Insider spoke with protesters, Wall Street veterans, and city officials to find out whether Occupy Wall Street made a difference

A man wearing a Guy Fawkes mask stands outside of a Chase Bank in Manhattan during the Occupy Wall Street protest.
The Occupy Wall Street protest kicked off on September 17, 2011, in Lower Manhattan’s Zuccotti Park. Reuters

Just a few short years after the global financial crisis, a group of protesters took to the streets of Lower Manhattan, marched to Zuccotti Park – and stayed for two months.

Coining the slogan, “We are the 99%,” that movement, Occupy Wall Street, decried income inequality, saying that the wealthiest 1% of Americans controlled far too much of the nation’s wealth and that corporations wielded too much influence over American democracy.

On the 10th anniversary of the occupation, Insider spoke with participants and observers of the movement, including the original organizers, city officials, historians, Wall Street traders, and lawyers on both sides of the battle. We wanted to understand how Occupy started, what it meant to those involved, and what legacy it could claim.

By some measures, the movement was a failure. Income inequality is as acute as ever, Wall Street still holds sway in Washington, banks are minting record profits, and corporations pay starkly lower taxes than they did then. If Occupy Wall Street had any impact on the yawning gap between the 1% and the 99%, it isn’t easy to discern.

On the other hand, organizers and some observeres say Occupy sparked a global conversation about wealth inequality that continues to this day and helped fuel the political rise of democratic socialists like Bernie Sanders and Alexandria Ocasio-Cortez.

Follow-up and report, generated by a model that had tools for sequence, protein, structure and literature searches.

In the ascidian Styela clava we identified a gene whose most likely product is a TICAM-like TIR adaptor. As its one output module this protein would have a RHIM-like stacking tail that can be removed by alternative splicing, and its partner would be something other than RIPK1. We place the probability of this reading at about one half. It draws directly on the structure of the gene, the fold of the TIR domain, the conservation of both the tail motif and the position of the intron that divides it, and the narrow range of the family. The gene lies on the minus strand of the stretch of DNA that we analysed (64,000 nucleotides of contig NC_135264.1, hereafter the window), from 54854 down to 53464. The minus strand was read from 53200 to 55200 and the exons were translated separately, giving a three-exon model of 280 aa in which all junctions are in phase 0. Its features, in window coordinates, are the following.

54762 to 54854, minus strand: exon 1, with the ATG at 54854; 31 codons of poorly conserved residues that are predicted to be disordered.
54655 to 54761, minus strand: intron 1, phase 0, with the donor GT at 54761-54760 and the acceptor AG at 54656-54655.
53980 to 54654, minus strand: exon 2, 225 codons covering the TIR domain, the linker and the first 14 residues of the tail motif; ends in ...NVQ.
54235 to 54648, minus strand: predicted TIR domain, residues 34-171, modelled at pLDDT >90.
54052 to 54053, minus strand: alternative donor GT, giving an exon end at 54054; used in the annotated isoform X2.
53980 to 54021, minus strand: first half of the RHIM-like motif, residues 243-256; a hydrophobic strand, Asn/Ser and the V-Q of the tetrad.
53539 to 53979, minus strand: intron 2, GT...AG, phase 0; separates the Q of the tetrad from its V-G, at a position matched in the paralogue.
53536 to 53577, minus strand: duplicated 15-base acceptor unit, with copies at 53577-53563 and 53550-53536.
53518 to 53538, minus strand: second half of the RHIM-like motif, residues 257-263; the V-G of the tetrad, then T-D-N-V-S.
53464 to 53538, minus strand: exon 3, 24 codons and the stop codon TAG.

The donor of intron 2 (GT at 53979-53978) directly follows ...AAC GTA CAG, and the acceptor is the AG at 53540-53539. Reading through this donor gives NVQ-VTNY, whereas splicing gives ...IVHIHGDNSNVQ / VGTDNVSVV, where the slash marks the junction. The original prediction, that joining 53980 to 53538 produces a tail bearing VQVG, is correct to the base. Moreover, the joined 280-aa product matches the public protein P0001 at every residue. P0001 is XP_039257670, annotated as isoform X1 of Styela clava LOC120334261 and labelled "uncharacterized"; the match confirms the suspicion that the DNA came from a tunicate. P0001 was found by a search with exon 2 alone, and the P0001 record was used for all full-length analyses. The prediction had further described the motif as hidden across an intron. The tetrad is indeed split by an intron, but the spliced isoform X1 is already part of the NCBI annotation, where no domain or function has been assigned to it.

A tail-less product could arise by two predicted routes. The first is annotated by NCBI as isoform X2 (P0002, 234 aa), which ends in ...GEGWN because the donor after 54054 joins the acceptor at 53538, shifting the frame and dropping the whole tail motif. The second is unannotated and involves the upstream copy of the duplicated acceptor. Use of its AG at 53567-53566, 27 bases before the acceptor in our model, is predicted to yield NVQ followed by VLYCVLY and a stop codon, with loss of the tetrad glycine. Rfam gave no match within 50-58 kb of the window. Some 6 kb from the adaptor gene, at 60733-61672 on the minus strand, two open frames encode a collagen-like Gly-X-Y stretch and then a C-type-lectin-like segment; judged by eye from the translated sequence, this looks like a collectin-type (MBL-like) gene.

“The legacy of the Occupy movement is very simply that Americans are now far more aware of rampant inequality of income, wealth, and power in this country than they were before. I think it moved the needle a little bit in terms of Americans being able and willing to face all of these,” said Robert Reich, former secretary of labor under President Bill Clinton. “But in terms of actually reversing it, no. We are seeing even more inequality of income, wealth, and power than we saw 10 years ago.”

Kalle Lasn, one of the original organizers of Occupy Wall Street, said the movement was “an incredible success” by many metrics. “Above all, it politicized millions of young people around the world,” he said.

But he said that the political and economic crisis has gotten starkly worse since then.

“Back during Occupy Wall Street, things were bad. But they weren’t as bad as they are now,” he said. “Now it feels like the world is fragmenting into some sort of dark age.”

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